Yield: 3 loaves, or 2 loaves and a dozen rolls.
The milk in the recipe not only adds protein and minerals, but it also creates a tender, spongy texture, a greater sweetness and a golden crust. The dough rises high in the bowl, promising plenitude.
Scald 3 cups fresh milk with 3 tablespoons butter. Set aside to cool.
Dissolve 2 packages dry yeast (2-3/4 teaspoons per pack) in 1/2 cup warm water.
Combine 2 cups all-purpose flour, 2 teaspoons salt, 3 tablespoons sugar in large mixing bowl. To this mixture add the dissolved yeast and milk.
Gradually stir in about 7 more cups of flour. (I substitute 1-1/2 cups or 2 cups whole wheat bread flour for some all-purpose.)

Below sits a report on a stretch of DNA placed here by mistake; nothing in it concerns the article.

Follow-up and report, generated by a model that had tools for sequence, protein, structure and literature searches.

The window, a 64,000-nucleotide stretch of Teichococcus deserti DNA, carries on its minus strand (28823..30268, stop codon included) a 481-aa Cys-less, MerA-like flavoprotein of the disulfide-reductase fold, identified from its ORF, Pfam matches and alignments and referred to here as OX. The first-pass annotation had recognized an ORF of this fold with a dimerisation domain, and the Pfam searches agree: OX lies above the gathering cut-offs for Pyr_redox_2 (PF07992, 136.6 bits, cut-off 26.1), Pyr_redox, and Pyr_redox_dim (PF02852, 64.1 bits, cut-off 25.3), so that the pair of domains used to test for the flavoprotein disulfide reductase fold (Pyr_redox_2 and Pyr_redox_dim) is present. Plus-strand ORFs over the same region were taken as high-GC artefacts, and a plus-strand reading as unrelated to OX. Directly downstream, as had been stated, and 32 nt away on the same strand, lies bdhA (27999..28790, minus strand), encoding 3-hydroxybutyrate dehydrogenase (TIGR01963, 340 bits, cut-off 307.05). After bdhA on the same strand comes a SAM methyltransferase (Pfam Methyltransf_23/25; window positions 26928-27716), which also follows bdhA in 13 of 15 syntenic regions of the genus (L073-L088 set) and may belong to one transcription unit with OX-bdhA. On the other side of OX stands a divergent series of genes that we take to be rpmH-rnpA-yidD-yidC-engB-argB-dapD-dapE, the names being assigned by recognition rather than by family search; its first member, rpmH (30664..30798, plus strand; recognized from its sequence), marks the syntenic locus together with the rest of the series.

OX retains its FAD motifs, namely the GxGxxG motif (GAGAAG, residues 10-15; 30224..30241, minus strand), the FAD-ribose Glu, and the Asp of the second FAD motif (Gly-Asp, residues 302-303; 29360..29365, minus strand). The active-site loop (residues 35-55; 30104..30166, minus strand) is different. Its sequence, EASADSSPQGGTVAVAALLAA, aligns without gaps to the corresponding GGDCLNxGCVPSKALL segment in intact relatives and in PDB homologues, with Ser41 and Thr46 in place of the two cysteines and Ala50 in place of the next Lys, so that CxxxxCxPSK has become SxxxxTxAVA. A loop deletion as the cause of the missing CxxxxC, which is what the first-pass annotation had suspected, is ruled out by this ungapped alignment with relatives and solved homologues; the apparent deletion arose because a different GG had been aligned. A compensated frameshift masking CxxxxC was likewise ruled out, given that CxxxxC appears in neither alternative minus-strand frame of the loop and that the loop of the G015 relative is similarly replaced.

Knead until dough is smooth and elastic (about 6 minutes), then set the dough to rise in large bowl in a warm place until it has doubled in size (1-1/2 hours). Punch down and let rise again (about 1 hour). After the second rising, form into loaves and let rise again in bread pans. Preheat oven to 375 degrees F and bake until loaves are nicely browned and sound hollow when turned out of the pan and tapped on the bottom, about 35 minutes.
Delicious when warm, in sandwiches, as toast, and when several days old, as French toast.
The Yankee Cook though glad that chewy, rustic breads of the European type are becoming more widely available, fears that old-fashioned farmhouse white bread has replaced them on the endangered species list, so she was happy to see this one. It makes great butter rolls, too. Just roll out a loaf’s worth, spread liberally with melted butter, and roll like a jelly roll. Cut 1-1/2 inch lengths, put them cut-side down in well-buttered muffin tins, and bake at 425 degrees F until risen and well browned, about 20 minutes.
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